What's clear from our discussion with Lou, is that not every bottle needs cleaning and that over- cleaning is the worst thing you can do to a bottle. For those of you who just want to spruce up a favorite bottle, without going to a pro, you might try what Bryan Grapentine does. He gets a little polish from a rock-polishing store. He next makes a water/polish compound and coats the bottle with it. Then, he very gently rubs the bottle, continuing to use cool water on the surface. This way of cleaning is easy, inexpensive, and it enables you to stop at any time when the results are satisfactory. Of course, that doesn't do you any good if you have a bottle stained from the inside. For a good start, with real hard to get rust and other gunk, a solution of 50% water and 50% muriatic acid can really help. Also, don't forget that if you dig a bottle, sometimes it's amazing what a little soap and water will do. Make sure you don't use warm or hot water and then allow it to sit in a cool breeze. The same is true of the reverse. I had more than one bottle talk to me after I cleaned it, then let it dry by a warm light. It said, "tink".
Some cleaning suggestions:
1. Room temp water only. Anything other than that can cause bottle glass to crack.
2. Always turn bottle up-side-down and leave in box over night to drain all excess water.
3. Vinegar and water 50/50 is a good cleaning combo.
4. Coca-Cola works well too believe it or not.
5. If you use muriatic be sure to wear eye protection and gloves and use only in a well ventilated area. ALWAYS keep your muriatic solution in a plastic container and covered with a lid. The fumes will cause metal to rust up to 40 feet away. Always dilute with water and pour the acid into the water and NOT water into acid.
Lou Lambert can be reached at (707) 823-8845 and his email address is email@example.com .
Responses from our readers:
Have you heard of that Owl drug blog that has little to do with Owl products but instead is some kind of lunitic rant? That guy has done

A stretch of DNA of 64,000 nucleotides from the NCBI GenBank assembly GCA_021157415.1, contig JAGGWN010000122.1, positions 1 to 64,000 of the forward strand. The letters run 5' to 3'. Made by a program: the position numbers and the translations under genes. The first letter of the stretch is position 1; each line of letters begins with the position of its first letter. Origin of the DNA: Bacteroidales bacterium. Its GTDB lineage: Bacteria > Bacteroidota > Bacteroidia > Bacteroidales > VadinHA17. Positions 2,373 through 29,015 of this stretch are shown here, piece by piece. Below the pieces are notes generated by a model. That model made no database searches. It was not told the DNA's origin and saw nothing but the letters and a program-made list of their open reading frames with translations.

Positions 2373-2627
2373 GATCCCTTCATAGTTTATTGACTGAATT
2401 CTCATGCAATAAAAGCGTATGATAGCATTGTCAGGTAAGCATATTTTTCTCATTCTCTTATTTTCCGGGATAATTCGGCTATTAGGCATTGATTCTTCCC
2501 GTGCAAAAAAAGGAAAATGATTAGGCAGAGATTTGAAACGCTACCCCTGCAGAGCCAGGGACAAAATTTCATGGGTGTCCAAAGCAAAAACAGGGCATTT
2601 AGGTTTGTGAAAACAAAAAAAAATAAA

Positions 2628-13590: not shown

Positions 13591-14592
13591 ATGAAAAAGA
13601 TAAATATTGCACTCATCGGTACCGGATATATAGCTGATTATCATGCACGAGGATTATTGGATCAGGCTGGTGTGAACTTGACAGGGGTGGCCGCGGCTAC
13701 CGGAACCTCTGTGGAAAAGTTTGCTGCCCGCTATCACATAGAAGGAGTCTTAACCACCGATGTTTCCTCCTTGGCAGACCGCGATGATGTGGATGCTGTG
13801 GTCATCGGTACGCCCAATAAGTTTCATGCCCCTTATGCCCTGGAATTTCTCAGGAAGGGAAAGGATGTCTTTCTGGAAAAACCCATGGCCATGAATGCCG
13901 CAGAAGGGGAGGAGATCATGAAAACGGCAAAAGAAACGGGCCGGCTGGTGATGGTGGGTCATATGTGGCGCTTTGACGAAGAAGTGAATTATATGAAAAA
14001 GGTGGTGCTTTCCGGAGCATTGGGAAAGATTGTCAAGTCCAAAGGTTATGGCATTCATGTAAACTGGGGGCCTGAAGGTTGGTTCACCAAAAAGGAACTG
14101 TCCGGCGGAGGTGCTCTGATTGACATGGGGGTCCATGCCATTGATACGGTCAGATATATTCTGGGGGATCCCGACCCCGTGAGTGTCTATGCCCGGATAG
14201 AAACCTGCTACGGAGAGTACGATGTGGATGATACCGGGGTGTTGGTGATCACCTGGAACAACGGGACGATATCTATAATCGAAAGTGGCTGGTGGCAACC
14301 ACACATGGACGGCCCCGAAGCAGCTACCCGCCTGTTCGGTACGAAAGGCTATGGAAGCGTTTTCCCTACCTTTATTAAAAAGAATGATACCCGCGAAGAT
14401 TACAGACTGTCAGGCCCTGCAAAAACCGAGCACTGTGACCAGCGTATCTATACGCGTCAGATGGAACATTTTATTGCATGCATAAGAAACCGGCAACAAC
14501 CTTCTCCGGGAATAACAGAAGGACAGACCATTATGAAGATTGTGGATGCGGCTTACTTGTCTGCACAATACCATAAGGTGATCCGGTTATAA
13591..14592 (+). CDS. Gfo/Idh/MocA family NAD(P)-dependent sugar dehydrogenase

everything he can to discredit everyone in the hobby that's anyone. It seems he has his own agenda about cleaning bottles.
From my own expierence with him I can tell you that fellow isn't dealing with a full deck. He's without question the most disrespectful
person I've encountered in 40 years of being in the hobby. I've yet to hear a good word about him but plenty of negitive. He's done nothing
to benifit the hobby and has discredited everyone.
Hi Jeff- Great article. Lou is one of the best, has good tips and has been a help to me in the past. One step I have learned with Muriatic acid dipping is to keep a bucket of fresh water with a good dose of baking soda in it next to the acid bucket. after dipping in the acid. drain the bottle and give it a dip in the soda solution. This will neutralize any remaining acid. Also, if you have open bubbles, the foaming action will help with getting the left over oxides out after polishing. I find that a quick dip in acid solution after polish will remove most left over oxides. The bottle should be rinsed with clean, fresh water after the baking soda dip. Larry Chipman
After reading the very informative article, I still have one question that wasn't answered: is it possible to "pro clean" a bottle using a polishing compound only, without removing any glass? In other words, remove the foreign stain, mineralization, etc. but not "cut" into the bottle's original glass surface? Always wondered about that! Anybody know the answer? Regards, Mike Dickman